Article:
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US Yield Surge Aids Fed In Fighting Inflation, But Could Mean Harder Landing

Celebrating Economic Resilience on Labor Day: Effective Inflation Control Amid Pandemic Challenges. (Photo: Google)

The rising cost of borrowing threatens the property market’s fledgling recovery and makes it more difficult for businesses to secure investment capital. Additionally, it has caused US stocks to tremble, reducing some of the wealth gains that investors have thus far this year.

Soft Landing On Threat

The increase in rates—10-year Treasury yields have increased by more than a percentage point since mid-May—is one of several shocks shaking the US economy, which has been surprisingly resilient. The government is about to shut down, auto workers are on strike, and after a long hiatus, student loan payments are starting up again. Oil prices are rising, European economy is sluggish.

Diane Swonk, the head of economics at KPMG LLP, said: “It’s turning into a string of unfortunate events.” “The soft landing is under threat.”

Swonk anticipates that the US will avoid a recessionary hard landing, but she projects that the expansion rate will decline significantly in the fourth quarter, from about 4% in the current quarter to 1% annualized, with negative risks to that projection.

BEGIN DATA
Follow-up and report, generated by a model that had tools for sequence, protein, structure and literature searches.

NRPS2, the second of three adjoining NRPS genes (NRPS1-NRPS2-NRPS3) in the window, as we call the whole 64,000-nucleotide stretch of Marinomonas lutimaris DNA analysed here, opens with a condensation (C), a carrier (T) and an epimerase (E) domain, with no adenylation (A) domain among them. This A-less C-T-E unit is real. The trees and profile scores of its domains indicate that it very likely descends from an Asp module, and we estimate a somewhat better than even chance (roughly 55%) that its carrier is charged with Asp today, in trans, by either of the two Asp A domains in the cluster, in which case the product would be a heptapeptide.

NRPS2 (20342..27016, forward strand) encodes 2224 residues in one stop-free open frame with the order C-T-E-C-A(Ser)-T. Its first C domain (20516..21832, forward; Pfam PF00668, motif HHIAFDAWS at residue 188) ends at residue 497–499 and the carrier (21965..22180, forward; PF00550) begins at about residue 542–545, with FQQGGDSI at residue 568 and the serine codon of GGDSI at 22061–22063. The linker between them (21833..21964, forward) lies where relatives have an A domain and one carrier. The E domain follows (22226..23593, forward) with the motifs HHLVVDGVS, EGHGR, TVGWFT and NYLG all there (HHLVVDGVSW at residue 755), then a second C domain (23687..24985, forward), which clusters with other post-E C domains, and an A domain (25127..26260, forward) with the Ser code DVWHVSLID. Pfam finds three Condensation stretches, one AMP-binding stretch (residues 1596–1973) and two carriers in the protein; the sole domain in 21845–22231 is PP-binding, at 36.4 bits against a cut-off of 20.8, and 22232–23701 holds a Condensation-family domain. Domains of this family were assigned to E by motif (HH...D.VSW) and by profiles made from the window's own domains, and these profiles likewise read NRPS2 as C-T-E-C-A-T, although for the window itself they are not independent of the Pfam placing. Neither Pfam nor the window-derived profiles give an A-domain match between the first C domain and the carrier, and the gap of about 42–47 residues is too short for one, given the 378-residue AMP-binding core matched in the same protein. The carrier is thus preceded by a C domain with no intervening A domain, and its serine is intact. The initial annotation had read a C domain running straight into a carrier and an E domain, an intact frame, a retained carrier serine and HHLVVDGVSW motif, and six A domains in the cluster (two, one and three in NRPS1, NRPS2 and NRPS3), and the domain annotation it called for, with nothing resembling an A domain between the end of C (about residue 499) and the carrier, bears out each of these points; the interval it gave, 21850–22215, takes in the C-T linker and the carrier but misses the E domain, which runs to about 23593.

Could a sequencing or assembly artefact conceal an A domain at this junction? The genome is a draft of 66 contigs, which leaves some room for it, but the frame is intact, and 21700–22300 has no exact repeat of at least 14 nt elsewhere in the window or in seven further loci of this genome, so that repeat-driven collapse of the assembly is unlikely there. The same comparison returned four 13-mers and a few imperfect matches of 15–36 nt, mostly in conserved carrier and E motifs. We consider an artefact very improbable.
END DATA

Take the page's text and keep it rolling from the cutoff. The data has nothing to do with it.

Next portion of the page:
However, the increase in yields may not be a big issue for Federal Reserve policymakers and may even be beneficial. Bond market movement has not been followed by an increase in inflation expectations, which would have the potential to solidify excessive price increases.

That suggests the action may help cool down an economy that Fed policymakers had feared was getting out of control. The central bank sent a more hawkish message than many investors anticipated last week while maintaining the same interest rates, which is why yields have recently increased.

According to Lou Crandall, chief economist of Wrightson ICAP LLC, “there’s even less need for the Fed to tighten further if bond yields are moving higher.”

Tolerance Decreases


PHOTO: ETF Database

For the second consecutive month, consumer confidence declined, and several poll participants in the Conference Board study expressed concern about rising rates.

According to Mark Zandi, chief economist of Moody’s Analytics, there isn’t much more the economy can withstand without running the risk of entering a recession.

I believe the economy can handle 10-year Treasury yields of 4.5%, but anything above 5% for an extended period of time will be difficult to bear, he added.

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